One of the incredible things that people would like to see or comment once they step in to someones house is to find out what kinds of flooring that she or he has. In traditional floor construction, bamboo stems are cut as flat as possible and then nailed to wooden beams. Conversely, the bamboo flooring commonly in use today is highly processed: to manufacture it, mature bamboo poles are sliced into strips of desired widths and boiled in a solution of boric acid or lime (to remove the starch and sugars); the strips are then dried, planed, and laminated into usable planks. The energy expenditure required to turn bamboo into flooring—and to ship it from Southeast Asia where most bamboo is grown—doesn’t always stack up against locally grown hardwoods. From the standpoint of an average homeowner marmoleum flooring is durable and easy to clean.
To get what you’re after, ask the right questions when speaking to bamboo flooring suppliers (see the Total Formaldehyde Chart from Green Builder’s Suppler for an idea of good-practice sources). Engineered bamboo flooring—Also known as horizontal cut, engineered bamboo flooring, like engineered hardwood floors, consists of a solid layer of bamboo glued over a substrate. Bamboo floors offer an attractive, eco-friendly alternative to solid hardwood floors if you do your research.
This is the most recognizable bamboo flooring on the market: it’s the one in which the bamboo stem looks like it’s been flattened out and it’s patterned by bamboo’s distinctive horizontal ring markings. Solid bamboo flooring—Made up of solid pieces of bamboo that have been glued together, solid bamboo flooring, also known as vertical cut, is typically stronger than the engineered version. This type of flooring has a thinner overall stripy look created by all the bamboo strips compressed together. It is best installed by an experienced contractor and that does raise the cost of the floor.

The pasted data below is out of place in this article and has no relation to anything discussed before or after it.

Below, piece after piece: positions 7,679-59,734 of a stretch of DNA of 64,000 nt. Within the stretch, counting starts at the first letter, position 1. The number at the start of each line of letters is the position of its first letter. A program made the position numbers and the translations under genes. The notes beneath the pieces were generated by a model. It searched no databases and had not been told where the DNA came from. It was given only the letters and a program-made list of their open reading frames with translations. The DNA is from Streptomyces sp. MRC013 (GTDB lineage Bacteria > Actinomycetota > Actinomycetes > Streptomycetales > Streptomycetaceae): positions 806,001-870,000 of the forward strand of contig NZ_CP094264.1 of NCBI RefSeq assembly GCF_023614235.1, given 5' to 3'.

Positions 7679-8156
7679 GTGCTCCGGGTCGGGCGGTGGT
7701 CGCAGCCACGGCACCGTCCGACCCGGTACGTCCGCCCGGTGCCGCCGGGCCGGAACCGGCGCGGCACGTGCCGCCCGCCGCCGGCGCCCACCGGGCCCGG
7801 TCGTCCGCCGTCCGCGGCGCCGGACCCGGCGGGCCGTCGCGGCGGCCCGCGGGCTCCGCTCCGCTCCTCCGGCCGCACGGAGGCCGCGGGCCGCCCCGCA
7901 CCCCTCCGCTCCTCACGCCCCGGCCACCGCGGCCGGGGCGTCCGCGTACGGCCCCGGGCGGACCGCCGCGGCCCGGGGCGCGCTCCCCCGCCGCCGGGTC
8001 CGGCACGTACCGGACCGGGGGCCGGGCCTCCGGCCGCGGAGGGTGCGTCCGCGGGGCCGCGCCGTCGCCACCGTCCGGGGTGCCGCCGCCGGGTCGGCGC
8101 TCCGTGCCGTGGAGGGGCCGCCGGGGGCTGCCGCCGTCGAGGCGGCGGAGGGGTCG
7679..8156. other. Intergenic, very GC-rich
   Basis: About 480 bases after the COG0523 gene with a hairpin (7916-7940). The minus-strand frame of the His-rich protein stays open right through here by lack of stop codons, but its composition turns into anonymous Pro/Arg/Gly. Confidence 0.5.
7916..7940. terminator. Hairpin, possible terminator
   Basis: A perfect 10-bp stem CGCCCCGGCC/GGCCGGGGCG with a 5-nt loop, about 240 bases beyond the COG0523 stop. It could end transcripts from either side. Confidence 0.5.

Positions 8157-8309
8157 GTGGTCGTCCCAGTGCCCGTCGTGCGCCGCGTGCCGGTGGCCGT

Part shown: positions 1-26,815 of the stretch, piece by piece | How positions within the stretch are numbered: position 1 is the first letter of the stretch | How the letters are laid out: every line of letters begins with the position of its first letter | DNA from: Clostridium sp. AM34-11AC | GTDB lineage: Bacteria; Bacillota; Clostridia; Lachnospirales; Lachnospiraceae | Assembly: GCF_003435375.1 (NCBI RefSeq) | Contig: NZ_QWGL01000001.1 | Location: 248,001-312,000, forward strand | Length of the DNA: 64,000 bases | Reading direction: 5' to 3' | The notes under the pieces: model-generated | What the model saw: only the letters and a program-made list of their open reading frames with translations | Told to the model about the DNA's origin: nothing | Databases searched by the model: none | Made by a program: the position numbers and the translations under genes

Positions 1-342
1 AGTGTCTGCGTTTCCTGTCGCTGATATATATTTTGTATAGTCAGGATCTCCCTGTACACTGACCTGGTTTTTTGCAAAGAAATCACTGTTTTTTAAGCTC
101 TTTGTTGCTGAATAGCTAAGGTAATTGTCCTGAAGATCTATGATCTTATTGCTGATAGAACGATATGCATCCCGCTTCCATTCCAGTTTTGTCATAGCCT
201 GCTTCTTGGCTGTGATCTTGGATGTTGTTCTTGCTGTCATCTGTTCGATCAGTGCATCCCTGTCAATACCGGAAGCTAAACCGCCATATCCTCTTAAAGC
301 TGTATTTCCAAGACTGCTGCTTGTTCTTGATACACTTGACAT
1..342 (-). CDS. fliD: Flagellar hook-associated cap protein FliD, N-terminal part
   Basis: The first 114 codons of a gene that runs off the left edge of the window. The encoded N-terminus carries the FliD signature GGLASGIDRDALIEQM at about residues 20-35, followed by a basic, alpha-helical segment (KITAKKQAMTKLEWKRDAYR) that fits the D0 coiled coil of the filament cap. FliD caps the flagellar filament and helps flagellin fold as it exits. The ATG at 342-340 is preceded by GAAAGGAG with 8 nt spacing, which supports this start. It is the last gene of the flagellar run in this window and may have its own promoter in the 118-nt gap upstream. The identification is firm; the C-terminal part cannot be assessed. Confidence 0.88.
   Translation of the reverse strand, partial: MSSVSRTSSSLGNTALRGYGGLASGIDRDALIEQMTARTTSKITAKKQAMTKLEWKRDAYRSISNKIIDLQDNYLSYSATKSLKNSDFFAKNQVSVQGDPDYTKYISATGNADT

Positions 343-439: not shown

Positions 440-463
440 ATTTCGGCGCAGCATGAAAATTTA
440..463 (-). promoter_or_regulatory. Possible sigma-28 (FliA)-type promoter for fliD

Strand-woven bamboo flooring—By most accounts, strand woven bamboo flooring, in which the bamboo is shredded and then compressed with adhesives, is the most durable of the three. It looks the least like traditional bamboo because the manufacturers can blend colors and lengths to create many different styles. When we were purchasing our bamboo flooring 10 years ago, our choice of finish was limited to two colors: a natural blond finish or a caramel colored carbonized finish.
Like hardwood floors, bamboo floors come in many finishes, from polyurethane to oils, as well as different sheens, including satin, semi gloss, and high gloss. Solid bamboo floors and engineered floors range from 1180 psi (comparable to pine) to 1700 psi (comparable to beech), depending on the quality of the product. Prices for bamboo flooring range from $4.80 to $7.50 per square foot installed, while prices for hardwood range from $8 to $9 per square foot installed.